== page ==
‘Misery Loves Company’: Depicting Existential Angst in Astonishing Comic Hues

May 23, 2024



Elle Yap

Misery Loves Company, the new exhibit from Modeka Art, showcases the collaborative work between visual artists RaiseHell and Wham. The works extract meaning from society’s collective misery as the two artists use their art styles to find some sort of comfort in the sadness that surrounds them. 

“Here, misery serves as a conceptual thought that contrastingly propels them to form a deeper and personal connection with themselves and other people,” the write-up for the exhibit said. 

Some of the paintings featured for "Misery Loves Company." Photo by Elle Yap.
Some of the paintings featured for “Misery Loves Company.” Photo by Elle Yap.

Pulp- and Retro-Influenced Art

RaiseHell and Wham find common ground in their artistic works. RaiseHell’s works are inspired by punk and pop art and have a kind of dynamic motion embedded into them, akin to panels in vintage comic books. Meanwhile, Wham’s work uses relatively straightforward poses that look good in stillness without reducing the emotional expression of the pieces. 

Together, both artists work in tandem to create artworks that revolve around the theme of misery, and finding solace and peace within them. RaiseHell’s works for the exhibit demonstrate this sense of fullness and motion in expressing their sadness. 

"Exit Strategy" by RaiseHell. Photo by Elle Yap.
“Exit Strategy” by RaiseHell. Photo by Elle Yap.

“Exit Strategy,” for example, portrays the grieving creature as a broken piece of pottery with a pensive look on their face. They seem to stare up at a fluttering butterfly as they break apart, and the gesture feels monumental in context of the piece. It certainly expresses itself well as the first time someone finds their world broken and splintered apart.

"Undercurrents" by WHAM. Photo by Elle Yap.
“Undercurrents” by WHAM. Photo by Elle Yap.

Meanwhile, Wham’s “Undercurrents” evokes a similar feeling of dejection as “Exit Strategy.” The central figure looks somberly ahead as fish swim around them. But the subject  also has a thoughtful expression that hints more at boredom than sadness; a world-weariness that seems to have built itself up from previous experiences.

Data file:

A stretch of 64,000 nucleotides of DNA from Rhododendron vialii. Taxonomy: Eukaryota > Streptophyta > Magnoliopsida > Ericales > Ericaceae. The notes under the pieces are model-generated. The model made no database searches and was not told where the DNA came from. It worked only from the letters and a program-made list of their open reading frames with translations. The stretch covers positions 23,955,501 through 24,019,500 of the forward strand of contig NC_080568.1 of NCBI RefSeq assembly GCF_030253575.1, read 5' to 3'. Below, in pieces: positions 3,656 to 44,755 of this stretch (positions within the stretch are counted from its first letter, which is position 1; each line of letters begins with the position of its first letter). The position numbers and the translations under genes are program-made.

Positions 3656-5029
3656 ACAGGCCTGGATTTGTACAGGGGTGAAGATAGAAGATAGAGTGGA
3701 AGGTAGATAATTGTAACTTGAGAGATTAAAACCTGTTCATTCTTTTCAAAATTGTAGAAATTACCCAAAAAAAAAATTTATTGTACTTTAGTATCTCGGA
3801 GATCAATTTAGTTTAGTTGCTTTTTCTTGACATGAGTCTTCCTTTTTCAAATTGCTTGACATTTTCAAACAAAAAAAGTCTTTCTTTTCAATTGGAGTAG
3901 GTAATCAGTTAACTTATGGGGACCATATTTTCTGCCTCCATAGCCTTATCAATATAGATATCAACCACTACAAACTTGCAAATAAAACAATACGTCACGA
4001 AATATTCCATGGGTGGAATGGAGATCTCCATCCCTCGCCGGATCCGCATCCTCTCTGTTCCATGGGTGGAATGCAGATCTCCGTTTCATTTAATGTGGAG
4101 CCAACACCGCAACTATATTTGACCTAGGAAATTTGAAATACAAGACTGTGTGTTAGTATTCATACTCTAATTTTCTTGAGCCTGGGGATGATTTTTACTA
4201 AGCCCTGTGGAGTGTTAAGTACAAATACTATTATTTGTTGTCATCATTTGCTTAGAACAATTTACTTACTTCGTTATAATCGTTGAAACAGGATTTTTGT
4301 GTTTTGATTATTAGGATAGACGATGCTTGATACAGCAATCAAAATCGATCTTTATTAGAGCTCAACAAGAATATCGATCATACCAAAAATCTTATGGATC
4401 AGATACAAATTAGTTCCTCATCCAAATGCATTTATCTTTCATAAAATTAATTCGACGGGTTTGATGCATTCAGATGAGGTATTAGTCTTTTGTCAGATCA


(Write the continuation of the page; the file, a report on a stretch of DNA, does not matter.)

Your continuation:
There’s hopefulness in both of the paintings, but the two artists approach it in different ways. One pushes for hope in an uncertain situation, while the other finds calmness in experience. All the paintings in this exhibit have that sense of conversation between the works. Both artists seem to work on the same emotional feelings and arrive at different depictions on the topic. 

Misery in Introspection

The central messaging of the exhibit is about the hopefulness of change, even as we go through terrible situations ourselves. There’s a strong sense of introspection in the paintings about how we navigate change. More than that, it shows how finding people who have experienced similar things gives us comfort to find ourselves and to move forward with a renewed sense of confidence for the future.

Two paintings exhibited for "Misery Loves Company." Photo by Elle Yap.
Two paintings exhibited for “Misery Loves Company.” Photo by Elle Yap.
Two paintings exhibited for "Misery Loves Company." Photo by Elle Yap.
Two paintings exhibited for “Misery Loves Company.” Photo by Elle Yap.
Another pair of paintings exhibited for "Misery Loves Company." Photo by Elle Yap.
Another pair of paintings exhibited for “Misery Loves Company.” Photo by Elle Yap.

“The exhibit proposes the possibility of self-transformation through compassion and introspection as both artists reimagine emotions of discomfort through the lens of optimism and resilience,” the write-up said. 

Peace and Collective Action

"W.I.P." by RaiseHell. Photo by Elle Yap.
“W.I.P.” by RaiseHell. Photo by Elle Yap.

Works like RaiseHell’s “W.I.P.” and Wham’s “Inner Peace Garden” rally those feelings of peace and collective action into a cohesive whole. The first one shows two figures in the midst of a hug as they hold up tools of reform and repair. The second one shows a figure in a crouching position, an expression of defiant happiness on their face as they seem to float into a state of bliss. 

"Inner Peace Garden" by WHAM. Photo by Elle Yap.
“Inner Peace Garden” by WHAM. Photo by Elle Yap.

Altogether, they give the message of peace as a painful, worthwhile endeavor. It’s an endeavor that needs to be taken to task as they navigate the future. 

Misery Loves Company conceives of a world of dynamic movement and expression, a world where one is unafraid to show their pain—but more importantly, unafraid to find the help they need to move forward. 

Related reading: Emerging Artists Create Expressions on Canvas

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